SIR ROBERT STRACHEY
Sir Richard Strachey, who died on February 12 at the age of ninety-one years, represented the best British traditions. It will be well for us if in the twentieth century we can produce in a democracy men of the type who came from the dominant families of England in the nineteenth century, men having the instinct to rule, adequate to each event as it occurred, uniting scientific research with administrative duties. Sir Richard's brother is also an eminent Anglo-Indian'. Lady Strachey, with five sons and five daughters, is an authoress of distinction.
While the scientific work of Sir Richard Strachey does not give him place among the great leaders, it is of wide range and of real importance. His contributions are summarized in the award to him of a Royal medal by the Royal Society in 1897 as follows: "Two of the most recent of these, are recorded in his report, published in 1888, on the barometrical disturbances and sounds produced by the eruption of Krakatoa and in his paper in the Philosophical Transactions of 1893, entitled 'Harmonic Analysis of Hourly Observations of the Temperature and Pressure at British Observatories.' These, while important in themselves, are but the last of a long series of valuable memoirs. He was the first to treat scientifically of the physical and botanical geography, geology, and meteorology of the western Himalaya and Tibet. He also first observed the occurrence of a regular series of fossiliferous rocks, from the Silurian upwards to the north of the great snowy axis of the Himalaya. His numerous papers on these subjects, dating from the year 1847, are published in the journals of the Royal Asiatic, Geological, and Royal Geographical Societies' Proceedings, and in the reports of the British Association."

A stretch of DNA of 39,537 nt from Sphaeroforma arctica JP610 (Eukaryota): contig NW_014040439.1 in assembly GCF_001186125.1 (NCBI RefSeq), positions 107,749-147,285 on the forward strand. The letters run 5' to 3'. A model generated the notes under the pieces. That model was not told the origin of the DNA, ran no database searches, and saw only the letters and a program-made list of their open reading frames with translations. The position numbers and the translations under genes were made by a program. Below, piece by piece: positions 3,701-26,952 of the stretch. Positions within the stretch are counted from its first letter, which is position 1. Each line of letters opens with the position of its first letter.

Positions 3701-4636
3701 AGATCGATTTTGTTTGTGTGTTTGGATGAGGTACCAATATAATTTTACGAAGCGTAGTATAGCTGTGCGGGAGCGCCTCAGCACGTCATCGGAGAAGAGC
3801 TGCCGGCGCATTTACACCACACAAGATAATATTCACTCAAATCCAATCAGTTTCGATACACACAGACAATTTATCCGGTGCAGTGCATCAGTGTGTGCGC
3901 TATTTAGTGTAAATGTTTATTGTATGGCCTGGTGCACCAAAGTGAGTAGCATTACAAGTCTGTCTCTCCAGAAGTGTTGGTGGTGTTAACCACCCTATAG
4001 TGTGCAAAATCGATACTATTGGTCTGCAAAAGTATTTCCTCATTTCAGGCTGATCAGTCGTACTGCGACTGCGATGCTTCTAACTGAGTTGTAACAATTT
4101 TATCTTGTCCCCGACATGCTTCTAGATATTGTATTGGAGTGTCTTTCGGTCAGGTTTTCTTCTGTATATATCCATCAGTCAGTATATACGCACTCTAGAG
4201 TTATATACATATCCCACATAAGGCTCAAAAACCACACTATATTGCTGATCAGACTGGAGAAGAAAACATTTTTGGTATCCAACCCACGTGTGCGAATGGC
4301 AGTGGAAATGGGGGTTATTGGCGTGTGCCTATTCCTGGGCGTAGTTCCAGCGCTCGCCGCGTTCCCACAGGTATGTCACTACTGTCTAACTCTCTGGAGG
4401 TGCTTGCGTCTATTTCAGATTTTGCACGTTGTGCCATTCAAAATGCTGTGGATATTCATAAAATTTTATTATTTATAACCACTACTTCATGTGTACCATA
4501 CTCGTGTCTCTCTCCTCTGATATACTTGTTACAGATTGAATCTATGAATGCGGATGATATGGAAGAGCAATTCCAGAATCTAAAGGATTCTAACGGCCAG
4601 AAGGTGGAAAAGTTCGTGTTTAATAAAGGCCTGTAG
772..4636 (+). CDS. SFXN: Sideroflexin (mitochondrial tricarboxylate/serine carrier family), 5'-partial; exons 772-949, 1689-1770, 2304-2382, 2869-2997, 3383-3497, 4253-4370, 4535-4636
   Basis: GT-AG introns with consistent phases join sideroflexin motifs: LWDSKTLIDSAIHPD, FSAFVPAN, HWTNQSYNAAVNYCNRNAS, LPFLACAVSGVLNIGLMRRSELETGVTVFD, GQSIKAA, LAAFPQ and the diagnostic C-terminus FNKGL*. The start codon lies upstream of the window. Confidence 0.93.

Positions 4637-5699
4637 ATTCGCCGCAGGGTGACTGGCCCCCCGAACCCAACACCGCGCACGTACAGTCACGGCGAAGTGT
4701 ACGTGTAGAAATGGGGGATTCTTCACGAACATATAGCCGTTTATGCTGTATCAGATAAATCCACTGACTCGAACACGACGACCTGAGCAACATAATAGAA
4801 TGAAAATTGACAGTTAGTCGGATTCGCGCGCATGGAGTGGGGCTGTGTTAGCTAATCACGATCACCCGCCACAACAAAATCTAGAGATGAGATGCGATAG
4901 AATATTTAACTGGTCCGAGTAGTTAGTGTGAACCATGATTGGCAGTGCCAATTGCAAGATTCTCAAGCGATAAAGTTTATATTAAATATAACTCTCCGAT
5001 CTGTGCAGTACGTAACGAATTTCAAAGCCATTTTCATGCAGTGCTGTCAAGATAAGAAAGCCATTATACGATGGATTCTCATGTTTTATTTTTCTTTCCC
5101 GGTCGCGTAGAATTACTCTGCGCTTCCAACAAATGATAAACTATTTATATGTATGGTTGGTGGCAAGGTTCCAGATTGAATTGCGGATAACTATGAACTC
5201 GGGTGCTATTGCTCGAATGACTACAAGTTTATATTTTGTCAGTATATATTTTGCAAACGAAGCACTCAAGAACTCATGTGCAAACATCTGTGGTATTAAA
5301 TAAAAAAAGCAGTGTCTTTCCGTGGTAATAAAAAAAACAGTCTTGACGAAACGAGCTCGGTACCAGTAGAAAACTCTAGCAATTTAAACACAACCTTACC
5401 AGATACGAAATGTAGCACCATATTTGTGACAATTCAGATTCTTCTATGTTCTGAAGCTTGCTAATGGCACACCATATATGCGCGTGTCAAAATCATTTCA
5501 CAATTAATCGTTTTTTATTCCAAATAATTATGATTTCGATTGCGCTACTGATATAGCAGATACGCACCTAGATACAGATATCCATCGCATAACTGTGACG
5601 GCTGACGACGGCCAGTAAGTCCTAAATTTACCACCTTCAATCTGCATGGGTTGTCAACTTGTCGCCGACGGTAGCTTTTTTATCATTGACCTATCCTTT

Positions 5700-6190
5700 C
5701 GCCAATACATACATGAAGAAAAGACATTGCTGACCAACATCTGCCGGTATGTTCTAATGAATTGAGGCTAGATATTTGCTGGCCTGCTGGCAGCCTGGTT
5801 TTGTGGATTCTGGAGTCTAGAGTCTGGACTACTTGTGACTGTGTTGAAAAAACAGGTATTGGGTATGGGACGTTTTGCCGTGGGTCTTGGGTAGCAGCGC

THE POPULARIZATION OF SCIENCE
Discovery, a monthly magazine devoted to the popularization of science, initiated a year ago by Mr. John W. Harding, has been merged with The Popular Science Monthly. It is to be regretted that the financial conditions last year proved to be unfavorable to the support of a new journal of this character, planned to be both accurate and interesting. No one would suppose it possible to maintain a museum by the admission fees, but it is regarded as a matter of course